(b) Preservation Goals.

The City of Adel has identified the following goals of historic preservation and District design guidelines (Chapter 25 Code of Ordinances, Adel, Iowa):

(1) Promote the educational, cultural, economic and general welfare of the public through the recognition, enhancement, and perpetuation of districts and sites of historical and cultural significances.

(2) Safeguard the City’s historic, aesthetic and cultural heritage by preserving districts and sites of historical architectural and cultural significance.

(3) Stabilize and improve property values.

(4) Foster pride in the legacy of beauty and achievements of the past.

(5) Protect and enhance the attractiveness of the City to tourists and visitors and the support and stimulus to businesses thereby provided.

(6) Strengthen the economy of the City.

(7) Promote the use of districts and sites of historical and cultural significance as sites for the education, pleasure, and welfare of the citizens.

(8) Preserve the features that define the individuality of the building.

(c) Voluntary Review Procedures. The applicant shall submit the following items for design review unless directed otherwise:

( l) Elevations. Complete exterior elevations of all proposed or existing buildings or additions. Elevations should be drawn at an appropriate scale (usually W’= 1 ‘) and should include:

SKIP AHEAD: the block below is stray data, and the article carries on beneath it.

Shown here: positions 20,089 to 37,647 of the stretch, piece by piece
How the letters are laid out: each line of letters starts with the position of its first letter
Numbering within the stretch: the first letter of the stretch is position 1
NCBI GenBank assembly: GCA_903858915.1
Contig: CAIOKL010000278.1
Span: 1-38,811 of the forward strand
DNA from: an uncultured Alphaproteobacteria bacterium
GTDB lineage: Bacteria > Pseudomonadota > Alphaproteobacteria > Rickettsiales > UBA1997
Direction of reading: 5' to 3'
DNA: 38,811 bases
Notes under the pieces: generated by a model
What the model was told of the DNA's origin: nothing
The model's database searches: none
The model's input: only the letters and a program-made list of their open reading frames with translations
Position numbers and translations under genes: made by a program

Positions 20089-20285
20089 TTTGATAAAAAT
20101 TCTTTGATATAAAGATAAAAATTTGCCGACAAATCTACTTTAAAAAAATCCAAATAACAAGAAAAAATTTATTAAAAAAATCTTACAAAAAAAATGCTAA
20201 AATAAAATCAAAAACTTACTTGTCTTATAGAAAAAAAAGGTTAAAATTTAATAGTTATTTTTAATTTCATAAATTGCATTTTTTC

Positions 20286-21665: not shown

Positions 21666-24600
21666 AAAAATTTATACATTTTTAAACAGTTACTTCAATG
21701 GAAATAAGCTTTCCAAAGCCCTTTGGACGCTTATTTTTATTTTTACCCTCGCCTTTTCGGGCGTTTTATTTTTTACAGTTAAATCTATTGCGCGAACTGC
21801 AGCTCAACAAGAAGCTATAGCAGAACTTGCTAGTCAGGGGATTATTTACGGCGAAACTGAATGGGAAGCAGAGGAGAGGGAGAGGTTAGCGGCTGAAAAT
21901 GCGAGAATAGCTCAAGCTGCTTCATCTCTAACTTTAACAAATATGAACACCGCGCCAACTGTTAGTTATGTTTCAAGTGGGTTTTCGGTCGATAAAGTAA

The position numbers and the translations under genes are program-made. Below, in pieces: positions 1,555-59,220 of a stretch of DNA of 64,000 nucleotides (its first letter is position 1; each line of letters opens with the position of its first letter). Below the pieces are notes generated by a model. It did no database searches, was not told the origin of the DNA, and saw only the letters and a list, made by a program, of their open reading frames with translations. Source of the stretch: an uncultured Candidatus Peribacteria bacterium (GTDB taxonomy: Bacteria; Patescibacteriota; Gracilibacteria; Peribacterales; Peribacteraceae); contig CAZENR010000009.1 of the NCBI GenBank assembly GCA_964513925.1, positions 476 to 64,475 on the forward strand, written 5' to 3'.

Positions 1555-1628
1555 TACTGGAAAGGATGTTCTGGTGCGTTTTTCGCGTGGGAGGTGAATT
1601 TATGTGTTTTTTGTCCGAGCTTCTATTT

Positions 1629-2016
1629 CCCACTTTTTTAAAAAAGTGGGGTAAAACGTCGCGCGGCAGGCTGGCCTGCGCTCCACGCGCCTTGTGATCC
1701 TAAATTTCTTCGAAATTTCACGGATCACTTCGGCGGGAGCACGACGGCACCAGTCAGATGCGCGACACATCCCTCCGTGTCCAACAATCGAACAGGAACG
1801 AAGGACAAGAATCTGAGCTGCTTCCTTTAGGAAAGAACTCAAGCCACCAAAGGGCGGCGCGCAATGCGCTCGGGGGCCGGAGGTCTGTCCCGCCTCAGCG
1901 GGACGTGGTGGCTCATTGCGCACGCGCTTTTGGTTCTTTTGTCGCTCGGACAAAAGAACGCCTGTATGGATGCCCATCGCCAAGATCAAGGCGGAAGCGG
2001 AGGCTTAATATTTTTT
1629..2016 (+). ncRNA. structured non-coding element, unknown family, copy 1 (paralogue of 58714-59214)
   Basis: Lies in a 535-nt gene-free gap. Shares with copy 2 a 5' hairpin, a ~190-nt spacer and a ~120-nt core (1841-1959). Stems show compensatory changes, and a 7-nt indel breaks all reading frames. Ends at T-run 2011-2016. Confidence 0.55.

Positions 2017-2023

a. All signs and/or awnings to be mounted on the building(s).

b. Designation of materials and colors to be used on all exterior facades.

c. Elevations of adjacent buildings to compare height and scale.

(2) Materials Sample. Material samples shall be presented, including color and material type of walls and roof.

(3) Color Samples. Exact sample matches of all principal and secondary exterior colors to be used, including signage and/or awning(s).

(4) Context. Photographs of surrounding building on the same street or area to address issues of context, including any models, if available.

(d) Design Guidelines.

(1) Pedestrian Accessibility. Special attention shall be given to designing a primary building entrance which is both attractive and functional and preserves the historical integrity of the building. Building entrances must be architecturally emphasized and visible from the street.